In times of uncertainty, the community will require clear-headed dispute resolution practitioners to carefully guide disputing parties to just and appropriately tailored resolutions of their disputes.
Calls have been made by industry leaders to implement rapid and one-size-fits-all processes, such as ‘binding mediation’, to deal with what some anticipate could result in an avalanche of cases, particularly in the property sector.
There is no such process as a ‘binding mediation’. Mediation by its very nature empowers the parties to reach their own agreement. It ought not be confused with determinative processes such as litigation, arbitration and expert determination.
A skilled mediator will be well versed in a range of processes that may assist the parties to move beyond deadlocks towards finality of their grievances. It may simply not be possible to guide the parties to a complete settlement in the negotiations that take place within the parameters of a mediation.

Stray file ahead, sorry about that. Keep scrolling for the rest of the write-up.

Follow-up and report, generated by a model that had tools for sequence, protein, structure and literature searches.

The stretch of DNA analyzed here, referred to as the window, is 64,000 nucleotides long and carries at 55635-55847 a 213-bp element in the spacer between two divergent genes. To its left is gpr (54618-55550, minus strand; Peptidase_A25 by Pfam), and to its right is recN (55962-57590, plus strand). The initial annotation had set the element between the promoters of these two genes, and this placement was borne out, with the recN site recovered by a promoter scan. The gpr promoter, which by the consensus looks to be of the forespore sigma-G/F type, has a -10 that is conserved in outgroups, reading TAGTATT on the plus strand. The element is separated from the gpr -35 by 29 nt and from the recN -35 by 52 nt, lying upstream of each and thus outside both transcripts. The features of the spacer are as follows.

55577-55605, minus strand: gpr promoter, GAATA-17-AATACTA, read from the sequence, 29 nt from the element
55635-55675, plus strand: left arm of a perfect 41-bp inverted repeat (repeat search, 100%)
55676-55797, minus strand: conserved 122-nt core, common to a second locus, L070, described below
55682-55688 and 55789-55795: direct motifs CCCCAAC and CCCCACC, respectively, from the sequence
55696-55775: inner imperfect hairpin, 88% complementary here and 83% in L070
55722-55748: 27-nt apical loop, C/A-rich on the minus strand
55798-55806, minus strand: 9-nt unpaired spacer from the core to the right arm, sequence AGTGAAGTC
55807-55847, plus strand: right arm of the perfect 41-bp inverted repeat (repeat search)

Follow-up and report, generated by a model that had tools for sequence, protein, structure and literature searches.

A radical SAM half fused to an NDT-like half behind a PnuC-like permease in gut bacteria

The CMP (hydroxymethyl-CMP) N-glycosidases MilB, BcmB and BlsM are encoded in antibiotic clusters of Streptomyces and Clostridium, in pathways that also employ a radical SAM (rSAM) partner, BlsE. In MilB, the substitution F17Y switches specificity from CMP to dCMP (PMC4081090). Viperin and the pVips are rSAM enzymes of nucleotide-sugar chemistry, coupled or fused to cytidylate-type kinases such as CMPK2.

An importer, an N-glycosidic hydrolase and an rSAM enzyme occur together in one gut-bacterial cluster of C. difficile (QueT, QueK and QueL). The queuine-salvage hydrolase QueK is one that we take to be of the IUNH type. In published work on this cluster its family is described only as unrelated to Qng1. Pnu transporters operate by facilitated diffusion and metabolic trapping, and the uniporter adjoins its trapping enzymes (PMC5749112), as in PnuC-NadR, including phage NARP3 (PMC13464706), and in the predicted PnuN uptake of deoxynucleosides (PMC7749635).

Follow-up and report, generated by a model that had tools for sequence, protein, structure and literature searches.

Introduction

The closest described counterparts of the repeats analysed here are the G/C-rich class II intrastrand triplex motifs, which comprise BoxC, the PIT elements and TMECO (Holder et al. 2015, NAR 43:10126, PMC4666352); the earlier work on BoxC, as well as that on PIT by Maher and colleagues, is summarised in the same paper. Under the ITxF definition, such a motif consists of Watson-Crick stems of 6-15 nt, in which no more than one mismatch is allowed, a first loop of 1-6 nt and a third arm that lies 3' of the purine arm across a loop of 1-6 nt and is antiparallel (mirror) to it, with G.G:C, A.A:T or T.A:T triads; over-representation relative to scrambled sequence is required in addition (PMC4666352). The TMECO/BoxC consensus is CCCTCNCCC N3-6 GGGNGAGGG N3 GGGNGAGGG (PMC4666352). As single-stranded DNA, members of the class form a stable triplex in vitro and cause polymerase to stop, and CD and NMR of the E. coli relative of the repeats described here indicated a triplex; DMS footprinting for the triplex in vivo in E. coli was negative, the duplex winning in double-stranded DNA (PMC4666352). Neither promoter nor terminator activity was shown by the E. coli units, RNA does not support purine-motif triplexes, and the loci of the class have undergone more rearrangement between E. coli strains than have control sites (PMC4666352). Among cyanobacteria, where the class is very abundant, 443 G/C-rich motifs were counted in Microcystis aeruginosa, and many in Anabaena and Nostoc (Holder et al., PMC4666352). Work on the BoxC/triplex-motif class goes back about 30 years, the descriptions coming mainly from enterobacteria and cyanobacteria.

A wise outcome may be to enable all, or parts, of the dispute to be determined by a separate binding process. Some cultures are supportive of hybrid processes such as med-arb whereby the mediator abandons the facilitative element of the process and moves herself or himself to a determinative process that has as its object the delivering of a final and binding award.
The med-arb process can be fraught with danger. In our legal system legitimate concerns regarding procedural fairness exist in respect to one person transitioning from mediator to arbitrator.
Competing arguments have been made regarding the utility and appropriateness of med-arb. State legislatures have intervened and settled the debate. Med-arb is permitted in all Australian states and territories, provided that the strict provisions of disclosure and party consent, as required by section 27D of the various Commercial Arbitration Acts, are complied with.
Written consent of the parties to proceed to arbitration before the same person who was previously acting as mediator is needed after the mediation component of the process has run its course.